"Prior research poses a puzzle about small firms’ innovation processes. On the one hand, an extensive body of research on new product development (NPD) has identified benefits of a formalized process, with well-planned activities and decision points: a formal product innovation process is considered part of NPD best practice. On the other hand, case study evidence suggests that small firms seldom use such formalized process structures.
most product innovation management research has focused solely on large firms, or has failed to distinguish between large and small firms
this study shows that the effectual approach suits small firm characteristics, even though it differs from mainstream best practices that are based largely on research in larger firms. This suggests that product innovation research should explicitly differentiate on firm size, rather than prescribing large firm best practices to small firms.
Small firms are not miniature versions of large firms, and their characteristics constitute particular strengths and limitations for product innovation. A key strength of small firms is flexibility: they usually lack bureaucracy, are often managed by an owner/director who is able to take key decisions quickly, enjoy efficient and informal internal communication patterns, and develop strong relationships with customers. These characteristics enable rapid responses to technical and market changes, often resulting in differentiated products for niche markets.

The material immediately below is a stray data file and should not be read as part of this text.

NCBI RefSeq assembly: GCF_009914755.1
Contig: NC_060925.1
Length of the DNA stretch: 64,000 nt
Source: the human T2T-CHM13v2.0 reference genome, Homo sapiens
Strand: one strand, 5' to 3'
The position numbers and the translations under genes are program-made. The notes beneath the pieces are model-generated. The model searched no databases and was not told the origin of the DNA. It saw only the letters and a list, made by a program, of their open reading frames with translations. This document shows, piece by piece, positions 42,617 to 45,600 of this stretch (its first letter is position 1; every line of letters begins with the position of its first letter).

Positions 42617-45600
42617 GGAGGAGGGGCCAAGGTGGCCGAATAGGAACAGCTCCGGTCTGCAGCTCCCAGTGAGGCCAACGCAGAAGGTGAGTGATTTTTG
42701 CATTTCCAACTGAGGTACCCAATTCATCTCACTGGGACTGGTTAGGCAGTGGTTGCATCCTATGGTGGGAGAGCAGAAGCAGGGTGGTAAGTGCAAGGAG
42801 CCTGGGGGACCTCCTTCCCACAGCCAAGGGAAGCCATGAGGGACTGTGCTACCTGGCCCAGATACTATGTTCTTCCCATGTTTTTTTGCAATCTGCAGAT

On the downside, small firms have limited resources for product innovation projects. Lack of financial resources to cover the costs of innovation was identified as a key barrier in several studies. These constraints exacerbate the risks of innovation for small firms, which cannot sustain many failures. Besides limited financial and other material resources, small firms may lack the skills portfolios of their large company counterparts, especially the organizational and marketing capabilities to exploit new products. Further, a small firm’s position in its industry may constrain prospects to create and exploit innovations because of lack of name recognition, brand credibility, and track record; restricted influence on industry standards; limited network relations with other business and governmental organizations; and inability to defend trademarks or other proprietary resources.
Furthermore, small firms typically pursue few innovation projects at any one time—maybe just one, or even none at times. Consequently, their experience in product innovation is often limited. With no need to manage a portfolio of innovation projects at the same time and thus no pressure to select among projects to allocate resources, small firms have neither opportunity nor incentive to routinize innovation or formalize NPD stage-gates or selection procedures, as big firms do.
For example, early market screening and market research, identified as key activities in structured large firm NPD processes, are consistently lacking or poorly executed in small firms.
These empirical findings undermine the assumption that NPD in small firms should mimic larger firm NPD and adopt large firms’ best practices."
terça-feira, maio 29, 2018
Cuidado com o que propõe às PME
Recordar o que escrevo há anos e anos sobre a diferença entre as PME da micro-economia e as empresas grandes:
Entretanto, em "Product Innovation Processes in Small Firms: Combining Entrepreneurial Effectuation and Managerial Causation" encontro: